It’s been a long time coming, but now that it’s here, the big question is whether the first DVD devoted solely to the younger brother of The Undertaker has been worth the wait.
Running Time: 470mins
Chapters – Disc 1
- WWE’s Worst Nightmare
- We Both Love Pain
- Special Challenge Match: Mankind v Kane (Survivor Series – November 9, 1997)
- Big Brother, Big Brother
- Undertaker v Kane (Wrestlemania XIV – March 29, 1998)
- Hell, Fire & Brimstone
- Inferno Match: Undertaker v Kane (In Your House: Unforgiven – April 26, 1998)
- The One Thing I Love More Than Fire
- First Blood Match for the WWE Championship: Stone Cold Steve Austin v Kane (King of the Ring – June 28, 1998)
- The End Always Justifies The Means
- WWE Tag Team Championship Match: X-Pac & Kane v Jeff Jarrett & Owen Hart (RAW – April 5, 1999)
- The Perfect Punishment
- Steel Cage Match: Kane v X-Pac (Armageddon – December 12, 1999)
- Nothing Can Save You
- Last Man Standing Match: Chris Jericho v Kane (Armageddon – December 10, 2000)
- Hot & Cold Relationship
- Triple Threat Tag Team Championship Match: Edge & Christian v Brothers of Destruction v The Dudley Boyz (No Way Out – February 25, 2001)
- The Undertaker’s Secret
- Kane v Pete Rose
Chapters – Disc 2
- WWE’s Worst Nightmare
- I Like Weapons
- WWE Intercontinental Championship Chain Match: Triple H v Kane (Judgment Day – May 20, 2001)
- The Olympic Flame Burns Out
- Kane v Kurt Angle (Wrestlemania X8 – March 17, 2002)
- What Torture Really Means
- World Heavyweight Championship v Intercontinental Championship Match: Triple H v Kane (No Mercy – October 20, 2002)
- Oil & Blood
- Rob Van Dam & Kane v Chris Jericho & Christian (RAW – January 6, 2003)
- My True Self
- Steel Cage Match: Rob Van Dam v Kane (RAW – September 8, 2003)
- Wrong Place, Wrong Time
- Last Man Standing Match: Shane McMahon v Kane (Unforgiven – September 21, 2003)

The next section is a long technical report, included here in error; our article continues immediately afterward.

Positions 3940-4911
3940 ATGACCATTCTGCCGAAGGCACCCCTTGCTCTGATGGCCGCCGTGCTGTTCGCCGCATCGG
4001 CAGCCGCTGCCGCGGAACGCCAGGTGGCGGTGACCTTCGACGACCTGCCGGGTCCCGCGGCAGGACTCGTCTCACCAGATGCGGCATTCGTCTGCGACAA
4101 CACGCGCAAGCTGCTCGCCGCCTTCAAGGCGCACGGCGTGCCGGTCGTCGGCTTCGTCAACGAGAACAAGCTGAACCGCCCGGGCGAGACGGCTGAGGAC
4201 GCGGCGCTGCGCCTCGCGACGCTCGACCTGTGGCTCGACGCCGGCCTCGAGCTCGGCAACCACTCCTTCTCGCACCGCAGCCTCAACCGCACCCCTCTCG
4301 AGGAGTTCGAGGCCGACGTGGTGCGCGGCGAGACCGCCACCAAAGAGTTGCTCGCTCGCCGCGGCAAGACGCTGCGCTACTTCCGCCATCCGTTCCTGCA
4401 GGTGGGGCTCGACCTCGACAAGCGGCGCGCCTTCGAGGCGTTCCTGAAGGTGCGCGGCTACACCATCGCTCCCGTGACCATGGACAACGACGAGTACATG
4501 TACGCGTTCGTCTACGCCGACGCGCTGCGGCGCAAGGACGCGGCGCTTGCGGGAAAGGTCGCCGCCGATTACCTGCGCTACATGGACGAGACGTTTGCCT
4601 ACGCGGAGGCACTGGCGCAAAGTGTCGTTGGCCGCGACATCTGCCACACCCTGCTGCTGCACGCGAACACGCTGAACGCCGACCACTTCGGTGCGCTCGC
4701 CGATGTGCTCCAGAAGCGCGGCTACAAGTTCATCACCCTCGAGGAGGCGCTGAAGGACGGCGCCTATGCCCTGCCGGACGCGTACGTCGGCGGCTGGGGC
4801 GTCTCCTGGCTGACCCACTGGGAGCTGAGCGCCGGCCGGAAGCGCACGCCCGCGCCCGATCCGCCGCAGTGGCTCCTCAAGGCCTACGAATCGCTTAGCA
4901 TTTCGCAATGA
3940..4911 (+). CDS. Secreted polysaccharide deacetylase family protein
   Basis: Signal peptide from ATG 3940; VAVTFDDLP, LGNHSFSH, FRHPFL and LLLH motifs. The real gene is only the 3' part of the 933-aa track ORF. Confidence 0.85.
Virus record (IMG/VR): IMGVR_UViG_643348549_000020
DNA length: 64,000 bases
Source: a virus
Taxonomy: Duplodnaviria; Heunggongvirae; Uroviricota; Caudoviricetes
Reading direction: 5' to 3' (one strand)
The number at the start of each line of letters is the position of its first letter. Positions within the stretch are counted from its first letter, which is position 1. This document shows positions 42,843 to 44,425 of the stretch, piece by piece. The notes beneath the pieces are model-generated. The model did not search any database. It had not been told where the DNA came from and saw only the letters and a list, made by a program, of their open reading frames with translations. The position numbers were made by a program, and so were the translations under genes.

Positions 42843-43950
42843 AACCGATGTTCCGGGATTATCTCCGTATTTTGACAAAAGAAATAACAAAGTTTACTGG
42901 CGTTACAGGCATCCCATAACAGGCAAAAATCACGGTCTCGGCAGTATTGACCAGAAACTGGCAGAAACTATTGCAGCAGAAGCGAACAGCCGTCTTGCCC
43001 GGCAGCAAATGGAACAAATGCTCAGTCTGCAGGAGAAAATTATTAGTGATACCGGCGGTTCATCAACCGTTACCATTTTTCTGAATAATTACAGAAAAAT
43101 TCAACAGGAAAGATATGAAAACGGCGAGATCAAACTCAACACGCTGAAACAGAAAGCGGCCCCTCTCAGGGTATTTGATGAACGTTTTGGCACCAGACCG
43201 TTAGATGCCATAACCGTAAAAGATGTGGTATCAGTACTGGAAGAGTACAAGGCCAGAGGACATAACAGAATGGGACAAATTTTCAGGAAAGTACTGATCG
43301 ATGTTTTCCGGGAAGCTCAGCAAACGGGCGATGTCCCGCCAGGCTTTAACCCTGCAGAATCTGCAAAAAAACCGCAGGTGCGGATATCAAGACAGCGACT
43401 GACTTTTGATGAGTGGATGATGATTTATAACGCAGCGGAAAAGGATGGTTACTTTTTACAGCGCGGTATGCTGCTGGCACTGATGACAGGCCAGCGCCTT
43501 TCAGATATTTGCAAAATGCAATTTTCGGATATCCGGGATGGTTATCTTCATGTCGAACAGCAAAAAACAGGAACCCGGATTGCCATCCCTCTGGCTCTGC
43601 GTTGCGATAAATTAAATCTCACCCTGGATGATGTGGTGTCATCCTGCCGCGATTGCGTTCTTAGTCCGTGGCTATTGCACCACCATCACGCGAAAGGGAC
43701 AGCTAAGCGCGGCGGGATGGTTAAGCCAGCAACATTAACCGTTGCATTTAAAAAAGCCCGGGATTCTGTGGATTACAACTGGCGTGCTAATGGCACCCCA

- Sending Him to Hell
- Ambulance Match: Shane McMahon v Kane (Survivor Series – November 16, 2003)
- My Appetite for Agony
- “Til Death Do Us Part Match”: Matt Hardy v Kane (Summerslam – August 15, 2004)
- Kane is Ready…Are You Ready?(Smackdown! – March 28, 2002)
- Chicks Dig the Mask (RAW – September 30, 2002)
- Kane is Quite Disturbed about the Current Situation(RAW – December 26, 2002)
- Jim Ross Interviews Kane(RAW – July 14, 2003)
- Kane & Lita Get Married (RAW – August 23, 2004)
Chapters – Disc 3
- WWE’s Worst Nightmare
- Destroying a Sacred Icon
- No Disqualification Match: Shawn Michaels v Kane (Unforgiven – September 12, 2004)
- It Is My Fault
- No Holds Barred Match: Kane v Gene Snitsky (RAW – January 17, 2005)
- Pain and Torture
- Steel Cage Match: Kane v Edge (RAW – July 18, 2005)
- It’s Never Over
- Stretcher Match: Kane v Edge (RAW – July 25, 2005)
- The Big Red Monster
- Kane v Umaga (RAW – September 18, 2006)
- Zest for Absolute Carnage
- Brothers of Destruction v King Booker & Finlay (SmackDown! – December 22, 2006)
- Childhood Dreams
- Kane v King Booker (No Way Out – February 18, 2007)
- Unadulterated Mayhem & Violence
- First Ever Belfast Brawl: Kane v Finlay (SmackDown! September 14, 2007)
- I Will Never Forget
- Champion vs. Champion: Kane v Undertaker (SmackDown! – April 4, 2008)
- 24-Man Battle Royal for ECW Championship Title Shot:(Wrestlemania XXIV – March 30, 2008)
- ECW Championship Match: Kane v Chavo Guerrero (Wrestlemania XXIV – March 30, 2008)
The set focuses solely on the Kane character, so there is no mention of Glen Jacobs’ career before WWE or when he was in WWE as both Isaac Yankem or Diesel MkII. While this is understandable, it is something I would like to have been included.
Another curious omission from the collection is Kane’s debut at the first ever ‘Hell in a Cell’ match in October, 1997. It is included in the extras, but it feels strange to not have it in the main feature. Instead, the set begins with the build to Kane’s debut match against Mankind that took place at the 1997 Survivor Series (an event made infamous for something trivial that happened later in the night). Because of this, the collection also omits the first four weeks after Kane’s arrival; a great period where he came out and just killed whoever was in the ring at the time (victims included The Hardy Boyz, Flash Funk, Ahmed Johnson, Dude Love and Vader).